Maidenhair Fern

Plant Data Sheet: By Sarah Short

Maidenhair Fern (Adiatum aleuticum)


Pacific Northwest, Alaska, and Canada. (5)

Climate, elevation

2-3 pinnate temperate, sea level to mid-montane. (2)

Local occurrence

Found in moist, shady sites throughout our region, especially on wet cliffs, near waterfalls, and on stream-banks. (2)

Habitat preferences

Woodland, Dappled Shade, Shady Edge, Ground Cover. The plant prefers light (sandy), medium (loamy) and heavy (clay) soils and requires well-drained soil. The plant prefers acid, neutral and basic (alkaline) soils. It can grow in semi-shade (light woodland). It requires moist soil. (1)

Plant strategy type/ successional stage

Information not available.



Associated species

Adiantum pendatum, Adiantum subumilum, Adiantum anceps, Adiantum bellum, Adiantum capillus-veneris, Adiantum caudatum, Adiantum concinnum, Adiantum diaphanum. (3)

May be collected as: (seed, layered, divisions,ect)

The most satisfactory method of propagation is by spores, but division in spring or autumn is also practicable. (3)

Collection restrictions or guidelines

Should not be removed from natural areas unless they are a bona fide salvage sites. (4)

Seed germination

Information not available.

Seed life

Short life, best if sown within a few hours of collection. Can be stored for 2-4 weeks. (5)

Recommended seed storage conditions

Store in an airtight plastic container in the non-freezing compartment of a refrigerator at about 40 degree F. (5)

Propagation recommendations

Relatively easy to produce from spores. Spores best sown as soon as ripe on the surface of a humus-rich sterilized soil. Keep the compost moist, preferably by putting a plastic bag over the pot. Pot on small clumps of plantlets as soon as they are large enough to handle and keep them humid until they are well established. Do not plant outside until the ferns are at least 2 years old and then only in a very well sheltered position. (1)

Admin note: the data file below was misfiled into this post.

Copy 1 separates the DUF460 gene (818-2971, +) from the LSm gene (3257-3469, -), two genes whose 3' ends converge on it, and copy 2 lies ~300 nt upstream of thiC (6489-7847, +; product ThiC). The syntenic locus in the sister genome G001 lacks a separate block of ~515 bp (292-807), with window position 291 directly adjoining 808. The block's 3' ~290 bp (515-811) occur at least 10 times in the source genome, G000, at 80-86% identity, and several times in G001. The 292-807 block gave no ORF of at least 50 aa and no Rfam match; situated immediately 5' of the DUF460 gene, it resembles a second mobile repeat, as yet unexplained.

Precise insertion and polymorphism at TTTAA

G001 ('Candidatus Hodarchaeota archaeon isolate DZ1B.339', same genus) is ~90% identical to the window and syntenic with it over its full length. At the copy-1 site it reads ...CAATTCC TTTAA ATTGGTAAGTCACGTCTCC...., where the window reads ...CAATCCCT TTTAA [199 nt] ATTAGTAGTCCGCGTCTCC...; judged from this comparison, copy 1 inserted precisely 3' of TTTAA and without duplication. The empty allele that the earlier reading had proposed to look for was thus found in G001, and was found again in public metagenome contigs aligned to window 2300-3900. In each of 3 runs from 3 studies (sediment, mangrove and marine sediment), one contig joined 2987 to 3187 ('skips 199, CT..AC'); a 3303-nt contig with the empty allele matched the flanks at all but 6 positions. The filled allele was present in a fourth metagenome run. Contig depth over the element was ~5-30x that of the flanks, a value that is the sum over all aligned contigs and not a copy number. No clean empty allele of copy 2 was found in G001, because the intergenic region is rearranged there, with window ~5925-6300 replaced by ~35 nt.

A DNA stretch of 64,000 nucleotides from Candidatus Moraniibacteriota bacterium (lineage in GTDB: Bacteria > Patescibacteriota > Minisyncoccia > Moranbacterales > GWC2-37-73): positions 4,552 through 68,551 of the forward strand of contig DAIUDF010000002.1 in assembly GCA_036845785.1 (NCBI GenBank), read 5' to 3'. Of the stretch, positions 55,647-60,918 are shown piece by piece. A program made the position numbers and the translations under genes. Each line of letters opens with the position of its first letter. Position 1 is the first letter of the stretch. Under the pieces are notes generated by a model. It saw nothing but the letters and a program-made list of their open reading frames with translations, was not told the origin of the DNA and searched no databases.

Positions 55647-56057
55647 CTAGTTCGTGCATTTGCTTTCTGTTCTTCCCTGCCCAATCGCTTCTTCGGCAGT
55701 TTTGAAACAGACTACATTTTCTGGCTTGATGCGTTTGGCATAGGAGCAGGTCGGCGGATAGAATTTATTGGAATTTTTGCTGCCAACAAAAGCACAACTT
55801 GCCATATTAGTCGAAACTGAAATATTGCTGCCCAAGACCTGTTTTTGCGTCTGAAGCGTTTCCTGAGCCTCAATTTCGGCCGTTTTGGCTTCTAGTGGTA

Soil or medium requirements

Greenhouse maidenhair ferns may be planted in rockeries or grown in pots or hanging baskets in a mixture of one-half peat moss or leaf mold, one-quarter loamy topsoil, one-quarter coarse and or perlite, with scatterings of chopped charocoal and perhaps some dried cow manure added. Container must be well drained. (3)

Installation form

They like shady conditions (3)

Recommended planting density

Information not available.

Care requirements after installed

Misting on dry days does much to prevent desiccation of the foliage. (3)

Normal rate of growth or spread: lifespan

This deciduous fern grows 1-2 feet tall. (2)

Sources cited


(2)        Kruckeberg, Arthur R. 1982.  Gardening with Native Plants of the Pacific

Northwest: An Illustrated Guide.  University of Washington Press, Seattle,


(3)        Everett, Thomas H. 1980. The New York Botanical Garden Illustrated

Encyclopedia of Horticulture. Garland Publishing, New York,  New York.

(4)        Leigh, Michael. 1999. Grow Your Own Native Landscape. Washington State

University Press, Olympia, Washington.

(5)        Jones, David L. 1987. Encyclopaedia of Ferns. Timber Press, Portland, Oregon.